To start the bokashi bucket, I put in several crumpled sheets of newspaper to soak up moisture with about a quarter cup of bokashi bran.  After that food scraps can be added as you get them.  I add about an eighth of a cup of bokashi bran every inch or two of scraps.  It is important to keep the scraps in the bucket well compacted, I typically use a plate to smush it down but will use some newspaper every so often.  This allows the anaerobic process to work better, and of course allows more to be put in the bucket.

food scraps in bucket

food scraps in bucket

bokashi bran on the scraps

bokashi bran on the scraps

Once the bucket is full, the bokashi needs to sit for around two weeks.  After the resting time, it should be a bucket of lovely fermented food scraps.  It will smell fermented, so when you open up the bucket, do not be surprised if there is an odor.  It shouldn’t smell rotten, I would say it smells somewhat yeasty.  You will need to have a place in your yard to put the bokashi.  It needs to be buried in the ground so worms and such can eat it and turn it into something good for your plants.  If you bury it too shallow, animals may be attracted to it.  I have had a raccoon get into my buried bokashi before.

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finished bokashi in a hole in the ground

finished bokashi in a hole in the ground

 

 

 

 

 

 

 

 

 

 

 

Things you can put in the bokashi bucket other then the typical food

  • newspaper in moderation.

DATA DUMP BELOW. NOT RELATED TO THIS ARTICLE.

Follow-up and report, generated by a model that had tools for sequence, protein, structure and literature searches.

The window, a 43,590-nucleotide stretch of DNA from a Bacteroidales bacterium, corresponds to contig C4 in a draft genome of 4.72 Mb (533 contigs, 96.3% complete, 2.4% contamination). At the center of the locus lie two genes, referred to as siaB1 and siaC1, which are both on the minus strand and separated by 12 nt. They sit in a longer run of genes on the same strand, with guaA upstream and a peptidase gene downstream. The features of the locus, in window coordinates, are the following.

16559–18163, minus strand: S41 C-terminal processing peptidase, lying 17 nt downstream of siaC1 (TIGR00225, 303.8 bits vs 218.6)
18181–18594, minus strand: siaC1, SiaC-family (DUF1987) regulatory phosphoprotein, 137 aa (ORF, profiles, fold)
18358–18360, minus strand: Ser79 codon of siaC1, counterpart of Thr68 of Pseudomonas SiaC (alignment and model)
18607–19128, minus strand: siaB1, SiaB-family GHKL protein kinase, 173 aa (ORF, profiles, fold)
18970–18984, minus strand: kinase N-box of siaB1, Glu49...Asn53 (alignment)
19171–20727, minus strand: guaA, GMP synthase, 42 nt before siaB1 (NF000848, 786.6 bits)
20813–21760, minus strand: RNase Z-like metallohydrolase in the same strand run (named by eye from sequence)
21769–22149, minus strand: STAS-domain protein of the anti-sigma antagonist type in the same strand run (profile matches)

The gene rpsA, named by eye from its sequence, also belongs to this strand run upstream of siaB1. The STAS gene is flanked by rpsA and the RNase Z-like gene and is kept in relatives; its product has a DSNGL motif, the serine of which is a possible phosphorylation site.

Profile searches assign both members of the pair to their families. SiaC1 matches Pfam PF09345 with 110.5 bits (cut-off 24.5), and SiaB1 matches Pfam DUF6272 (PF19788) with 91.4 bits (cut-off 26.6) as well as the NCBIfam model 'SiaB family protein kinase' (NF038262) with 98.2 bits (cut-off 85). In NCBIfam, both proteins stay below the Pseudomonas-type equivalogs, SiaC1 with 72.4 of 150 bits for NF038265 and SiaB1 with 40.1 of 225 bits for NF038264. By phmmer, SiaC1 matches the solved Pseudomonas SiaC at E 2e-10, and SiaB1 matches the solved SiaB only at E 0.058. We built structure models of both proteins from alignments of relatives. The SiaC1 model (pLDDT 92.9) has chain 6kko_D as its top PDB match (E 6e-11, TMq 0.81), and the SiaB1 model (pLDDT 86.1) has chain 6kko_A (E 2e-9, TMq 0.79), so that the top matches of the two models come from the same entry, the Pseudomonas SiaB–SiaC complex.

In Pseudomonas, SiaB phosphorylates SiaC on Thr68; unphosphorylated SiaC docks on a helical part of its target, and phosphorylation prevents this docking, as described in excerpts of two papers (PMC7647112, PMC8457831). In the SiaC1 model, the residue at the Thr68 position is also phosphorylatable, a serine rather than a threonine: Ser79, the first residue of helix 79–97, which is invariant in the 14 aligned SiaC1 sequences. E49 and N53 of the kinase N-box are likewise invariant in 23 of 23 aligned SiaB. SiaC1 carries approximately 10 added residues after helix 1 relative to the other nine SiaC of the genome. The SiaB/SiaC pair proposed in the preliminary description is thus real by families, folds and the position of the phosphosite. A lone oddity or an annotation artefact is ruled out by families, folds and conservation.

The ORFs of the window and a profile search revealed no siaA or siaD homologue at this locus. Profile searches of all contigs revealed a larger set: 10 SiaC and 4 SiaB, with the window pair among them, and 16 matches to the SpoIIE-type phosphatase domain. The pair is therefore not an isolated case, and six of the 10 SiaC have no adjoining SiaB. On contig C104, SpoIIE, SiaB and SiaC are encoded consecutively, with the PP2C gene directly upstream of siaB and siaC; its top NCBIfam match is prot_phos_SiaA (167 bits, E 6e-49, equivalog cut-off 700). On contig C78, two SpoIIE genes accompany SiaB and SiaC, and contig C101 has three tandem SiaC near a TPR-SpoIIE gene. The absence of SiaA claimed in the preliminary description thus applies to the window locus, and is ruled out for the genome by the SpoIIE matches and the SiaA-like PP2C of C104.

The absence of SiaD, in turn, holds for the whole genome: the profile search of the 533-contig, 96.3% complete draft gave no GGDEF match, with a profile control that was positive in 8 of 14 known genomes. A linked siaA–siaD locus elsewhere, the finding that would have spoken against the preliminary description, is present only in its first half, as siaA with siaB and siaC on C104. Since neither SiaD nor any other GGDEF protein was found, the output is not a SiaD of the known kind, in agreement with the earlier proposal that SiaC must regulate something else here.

• napkins/paper towels if no chemicals are in them
  • meat/fat
  • bones if they are small like some chicken bones
  • coffee
  • egg shells
  • I read dryer lint can go in there but I have found the lint in my yard later

There will be most likely be white mold on top of your bokashi after the two weeks, but that is ok.  If you ever see green mold growing then that is bad.  To fix that you need to dump a quarter cup of the bokashi bran onto the green mold.  That should clear up the mold, but you may need to add more so keep an eye on it.  Never put anything that has already started to mold into your bokashi bucket, the green mold isn’t good for the process.

Using bokashi for our kitchen scraps has greatly reduced the amount of food that we just throw away.  Rather then going to a landfill where the food sits and is wasted, we are now using it to make our plants grow better.  This is even better when the scraps we are recycling are vegetables from our yard.  We are creating a sustainable garden that uses its own waste as fertilizer. Bokashi is also great for suburban yards because there is no smelly pile that will disturb the neighbors.  No matter how small your yard or garden bokashi might be a great way for you to reduce your waste and grow better plants.

-Joshua